, patients with SAD fail to globally downregulate their cerebral serotonin transporter (5-HTT) in winter, and that this effect seemed to be particularly pronounced in female S-carriers of the 5-HTTLPR genotype. The purpose of this study was to identify a 5-HTT brain network that accounts for the adaption...... without SAD; it included the right superior frontal gyrus, brainstem, globus pallidus (bilaterally) and the left hippocampus. Across seasons, female S' carriers without SAD showed nominally higher 5-HTT levels in these regions compared to female S' carriers with SAD, but the group difference was only...... winter compared to female S' carriers without SAD. Limitations: The study is preliminary and limited by small sample size in the SAD group (N = 6). Conclusions: These findings provide novel exploratory evidence for a wintertime state-dependent difference in 5-HTT levels that may leave SAD females...

  12. The changing seasonal climate in the Arctic.

    Science.gov (United States)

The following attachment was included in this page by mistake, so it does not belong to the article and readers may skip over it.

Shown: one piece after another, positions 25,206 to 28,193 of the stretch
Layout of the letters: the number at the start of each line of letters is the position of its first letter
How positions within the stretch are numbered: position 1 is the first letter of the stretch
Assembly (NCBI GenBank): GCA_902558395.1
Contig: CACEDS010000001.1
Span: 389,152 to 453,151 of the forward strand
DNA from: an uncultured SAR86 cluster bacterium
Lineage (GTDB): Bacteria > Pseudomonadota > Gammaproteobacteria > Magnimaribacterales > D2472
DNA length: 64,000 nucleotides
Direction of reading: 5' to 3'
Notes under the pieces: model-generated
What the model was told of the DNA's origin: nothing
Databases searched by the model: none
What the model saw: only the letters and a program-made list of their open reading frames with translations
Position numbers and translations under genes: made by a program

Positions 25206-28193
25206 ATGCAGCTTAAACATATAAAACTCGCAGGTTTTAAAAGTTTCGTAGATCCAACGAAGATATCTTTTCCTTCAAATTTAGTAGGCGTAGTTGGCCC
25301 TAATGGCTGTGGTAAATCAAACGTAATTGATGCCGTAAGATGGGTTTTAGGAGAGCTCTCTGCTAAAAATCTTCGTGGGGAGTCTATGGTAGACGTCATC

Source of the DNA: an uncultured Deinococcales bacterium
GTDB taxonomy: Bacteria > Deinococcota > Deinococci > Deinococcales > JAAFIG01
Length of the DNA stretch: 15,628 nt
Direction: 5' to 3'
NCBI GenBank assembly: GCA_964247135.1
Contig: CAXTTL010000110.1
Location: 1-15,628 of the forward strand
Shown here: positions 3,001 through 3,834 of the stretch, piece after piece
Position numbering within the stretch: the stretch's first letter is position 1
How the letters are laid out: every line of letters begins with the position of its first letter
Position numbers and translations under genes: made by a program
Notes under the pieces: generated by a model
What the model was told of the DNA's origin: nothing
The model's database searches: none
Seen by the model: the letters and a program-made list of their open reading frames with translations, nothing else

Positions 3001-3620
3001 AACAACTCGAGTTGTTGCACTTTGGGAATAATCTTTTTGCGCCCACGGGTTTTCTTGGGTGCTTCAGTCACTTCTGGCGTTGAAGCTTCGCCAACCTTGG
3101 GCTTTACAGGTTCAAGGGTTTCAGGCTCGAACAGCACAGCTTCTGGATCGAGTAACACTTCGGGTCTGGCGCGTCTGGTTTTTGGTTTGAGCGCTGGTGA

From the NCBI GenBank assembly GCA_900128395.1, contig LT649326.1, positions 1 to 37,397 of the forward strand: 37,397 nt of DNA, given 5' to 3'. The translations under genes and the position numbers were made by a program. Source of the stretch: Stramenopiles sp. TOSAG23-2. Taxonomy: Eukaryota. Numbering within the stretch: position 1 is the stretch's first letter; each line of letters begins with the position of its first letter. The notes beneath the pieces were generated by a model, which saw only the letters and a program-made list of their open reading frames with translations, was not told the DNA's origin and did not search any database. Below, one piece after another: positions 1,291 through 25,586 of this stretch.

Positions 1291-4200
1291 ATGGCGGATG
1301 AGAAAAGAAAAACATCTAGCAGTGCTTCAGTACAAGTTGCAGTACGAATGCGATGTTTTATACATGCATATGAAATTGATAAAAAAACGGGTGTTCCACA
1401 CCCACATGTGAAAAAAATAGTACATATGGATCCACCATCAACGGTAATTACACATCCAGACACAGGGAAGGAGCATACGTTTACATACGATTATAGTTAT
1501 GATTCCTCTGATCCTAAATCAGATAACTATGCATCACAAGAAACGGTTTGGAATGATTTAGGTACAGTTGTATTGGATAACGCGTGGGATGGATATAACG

Bintanja, R; van der Linden, E C

    2013-01-01

    Ongoing and projected greenhouse warming clearly manifests itself in the Arctic regions, which warm faster than any other part of the world. One of the key features of amplified Arctic warming concerns Arctic winter warming (AWW), which exceeds summer warming by at least a factor of 4. Here we use observation-driven reanalyses and state-of-the-art climate models in a variety of standardised climate change simulations to show that AWW is strongly linked to winter sea ice retreat through the associated release of surplus ocean heat gained in summer through the ice-albedo feedback (~25%), and to infrared radiation feedbacks (~75%). Arctic summer warming is surprisingly modest, even after summer sea ice has completely disappeared. Quantifying the seasonally varying changes in Arctic temperature and sea ice and the associated feedbacks helps to more accurately quantify the likelihood of Arctic's climate changes, and to assess their impact on local ecosystems and socio-economic activities.

  13. Seasonal carbon cycling in a Greenlandic fjord

    DEFF Research Database (Denmark)

    Sørensen, Heidi L.; Meire, Lorenz; Juul-Pedersen, Thomas